Last chance for a $30 trip! Use my Uber code to sign up: johnm1014).

The show started at 7, with the house opening at 6:30. I had to wait a couple of minutes to go inside, but was able to do so in the lobby that smelled of popcorn. My kind volunteer usher told me that the building has two entertainment auditoriums and a cinema where, well different, movies are shown. I think they like to air old stuff as well as pre-screening newer ones. I’ve also learned that that theater has been around for 86 years.

Even so, I was glad to see that this theater had an elevator. I could have of course walked up the stairs, but hopefully the lift would make it more wheelchair accessible. I’m not sure about the small steps that lead up to one’s seat though, but I guess they probably have an area where chairs can park before actually getting to said stairs.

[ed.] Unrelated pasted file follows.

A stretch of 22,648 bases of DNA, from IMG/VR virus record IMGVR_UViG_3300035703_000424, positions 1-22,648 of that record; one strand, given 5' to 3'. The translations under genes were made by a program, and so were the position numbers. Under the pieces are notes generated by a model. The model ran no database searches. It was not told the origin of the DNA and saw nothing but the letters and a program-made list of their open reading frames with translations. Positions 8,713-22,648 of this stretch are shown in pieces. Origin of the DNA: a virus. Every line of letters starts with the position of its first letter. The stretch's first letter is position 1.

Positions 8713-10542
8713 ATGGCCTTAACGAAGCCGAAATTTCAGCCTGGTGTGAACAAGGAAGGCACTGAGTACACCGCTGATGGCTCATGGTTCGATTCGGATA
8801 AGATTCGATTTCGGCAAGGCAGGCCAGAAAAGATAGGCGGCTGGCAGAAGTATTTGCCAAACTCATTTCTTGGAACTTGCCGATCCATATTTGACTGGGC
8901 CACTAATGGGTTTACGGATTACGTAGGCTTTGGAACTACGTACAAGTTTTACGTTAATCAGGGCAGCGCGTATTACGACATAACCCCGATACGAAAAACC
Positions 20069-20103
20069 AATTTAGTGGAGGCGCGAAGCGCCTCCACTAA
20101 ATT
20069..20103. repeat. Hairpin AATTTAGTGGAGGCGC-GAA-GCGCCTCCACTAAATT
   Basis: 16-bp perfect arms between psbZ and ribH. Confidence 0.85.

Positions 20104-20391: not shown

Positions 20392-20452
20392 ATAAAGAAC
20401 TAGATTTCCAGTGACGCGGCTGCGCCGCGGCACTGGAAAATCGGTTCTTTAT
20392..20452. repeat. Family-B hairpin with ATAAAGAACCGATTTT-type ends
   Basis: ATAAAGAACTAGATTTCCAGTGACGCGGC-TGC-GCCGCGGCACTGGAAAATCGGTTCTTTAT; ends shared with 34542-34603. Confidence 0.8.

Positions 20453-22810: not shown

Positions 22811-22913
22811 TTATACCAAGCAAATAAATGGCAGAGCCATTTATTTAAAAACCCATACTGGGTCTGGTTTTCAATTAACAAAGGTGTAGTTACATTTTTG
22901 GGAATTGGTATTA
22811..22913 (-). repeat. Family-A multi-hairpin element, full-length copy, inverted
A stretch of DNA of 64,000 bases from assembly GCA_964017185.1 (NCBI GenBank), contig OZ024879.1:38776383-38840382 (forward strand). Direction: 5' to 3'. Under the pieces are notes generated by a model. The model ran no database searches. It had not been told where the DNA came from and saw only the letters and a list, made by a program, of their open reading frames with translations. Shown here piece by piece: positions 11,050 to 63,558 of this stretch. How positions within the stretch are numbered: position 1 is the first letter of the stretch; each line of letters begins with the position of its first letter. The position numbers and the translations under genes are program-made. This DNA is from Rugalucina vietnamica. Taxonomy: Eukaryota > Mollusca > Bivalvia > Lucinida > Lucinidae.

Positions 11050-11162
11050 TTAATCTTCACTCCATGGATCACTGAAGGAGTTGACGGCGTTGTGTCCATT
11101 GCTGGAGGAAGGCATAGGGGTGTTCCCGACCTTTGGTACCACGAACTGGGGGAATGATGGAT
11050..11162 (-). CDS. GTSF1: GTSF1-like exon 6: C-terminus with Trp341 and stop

I was told that the auditorium where Ask Me Another was staged holds approximately 800 people. Into my seat, I settled in and immediately sent my cane sailing away somehow. The woman to my right couldn’t initially see it, which caused me to panic. But luckily, it had just fallen to my left. I also enjoyed a short conversation with the guy on y other side, who said he was a great fan of the show but hadn’t known what Ophira Eisenberg, the show’s host, looked like; since he’d only listened to the podcast.

Things actually got started about 12 minutes late, I suppose not too surprisingly. Weekend Edition’s Scott Simon did the courtesy announcement “please turn off your smartphones,” then Ms. Eisenberg came onto the stage. She buttered us up, “Durham, are you ready to party!”, and told stories of predictable Southern hospitality as she walked through the grocery and on the street.